Bio: Zhengya Zhang received the B.A.Sc. degree from the University of Waterloo in 2003, and the M.S. and Ph.D. degrees from UC Berkeley in 2005 and 2009, respectively. Since 2009, he has been with the Department of Electrical Engineering and Computer Science at the University of Michigan, Ann Arbor, where he is currently a full professor. His research primarily focuses on low-power and high-performance VLSI circuits and systems, with applications in computing, communications, and signal processing. Dr. Zhang was a recipient of the NSF CAREER Award, the Intel Early Career Faculty Award, the University of Michigan Neil Van Eenam Memorial Award, and the David J. Sakrison Memorial Prize from UC Berkeley. He serves as an IEEE Solid-State Circuits Society Distinguished Lecturer.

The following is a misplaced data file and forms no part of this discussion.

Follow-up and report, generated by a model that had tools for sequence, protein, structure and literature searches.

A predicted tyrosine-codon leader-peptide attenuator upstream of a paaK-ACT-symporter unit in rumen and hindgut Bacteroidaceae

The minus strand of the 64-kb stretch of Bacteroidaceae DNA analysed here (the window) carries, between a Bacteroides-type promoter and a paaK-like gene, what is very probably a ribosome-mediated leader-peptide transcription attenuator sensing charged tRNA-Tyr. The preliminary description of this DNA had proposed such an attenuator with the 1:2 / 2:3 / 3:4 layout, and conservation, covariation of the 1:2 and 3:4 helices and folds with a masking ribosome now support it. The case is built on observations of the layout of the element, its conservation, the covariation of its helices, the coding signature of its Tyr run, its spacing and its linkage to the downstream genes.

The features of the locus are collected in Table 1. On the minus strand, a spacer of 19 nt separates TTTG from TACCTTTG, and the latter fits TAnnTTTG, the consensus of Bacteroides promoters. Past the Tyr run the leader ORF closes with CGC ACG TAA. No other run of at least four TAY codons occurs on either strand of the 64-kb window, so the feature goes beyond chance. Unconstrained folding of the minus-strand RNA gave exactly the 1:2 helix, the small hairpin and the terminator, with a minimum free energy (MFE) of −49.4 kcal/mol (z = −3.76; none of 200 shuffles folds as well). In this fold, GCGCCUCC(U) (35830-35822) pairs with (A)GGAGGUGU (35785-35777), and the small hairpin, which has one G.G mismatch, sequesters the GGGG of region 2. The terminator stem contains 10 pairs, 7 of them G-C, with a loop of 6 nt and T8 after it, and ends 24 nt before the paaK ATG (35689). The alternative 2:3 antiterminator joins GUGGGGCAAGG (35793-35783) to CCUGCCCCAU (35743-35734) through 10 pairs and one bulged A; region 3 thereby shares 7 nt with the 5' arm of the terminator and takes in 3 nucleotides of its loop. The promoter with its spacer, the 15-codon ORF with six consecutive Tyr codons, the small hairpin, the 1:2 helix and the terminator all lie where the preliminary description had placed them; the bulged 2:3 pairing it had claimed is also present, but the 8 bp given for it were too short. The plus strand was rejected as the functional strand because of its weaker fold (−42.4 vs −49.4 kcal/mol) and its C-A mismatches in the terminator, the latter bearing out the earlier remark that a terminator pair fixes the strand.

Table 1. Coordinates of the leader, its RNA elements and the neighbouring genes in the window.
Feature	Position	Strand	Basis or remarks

Abstract: Heterogeneous integration is an exciting and emerging field of academic research. However, it does encounter practical barriers, including limited access to advanced packaging and high-yield assembly. A closer collaboration between industry, labs, and academia is essential for academic teams to make progress in HI research.



Madhavan Swaminathan, Pennsylvania State University, USA

Bio: Madhavan Swaminathan is the Department Head of Electrical Engineering and is the William E. Leonhard Endowed Chair at Penn State University. He also serves as the Director for the Center for Heterogeneous Integration of Micro Electronic Systems (CHIMES), an SRC JUMP 2.0 Center.

Prior to joining Penn State, he was the John Pippin Chair in Microsystems Packaging & Electromagnetics in the School of Electrical and Computer Engineering (ECE), Professor in ECE with a joint appointment in the School of Materials Science and Engineering (MSE), and Director of the 3D Systems Packaging Research Center (PRC), Georgia Tech (GT). Prior to GT, he was with IBM working on packaging for supercomputers.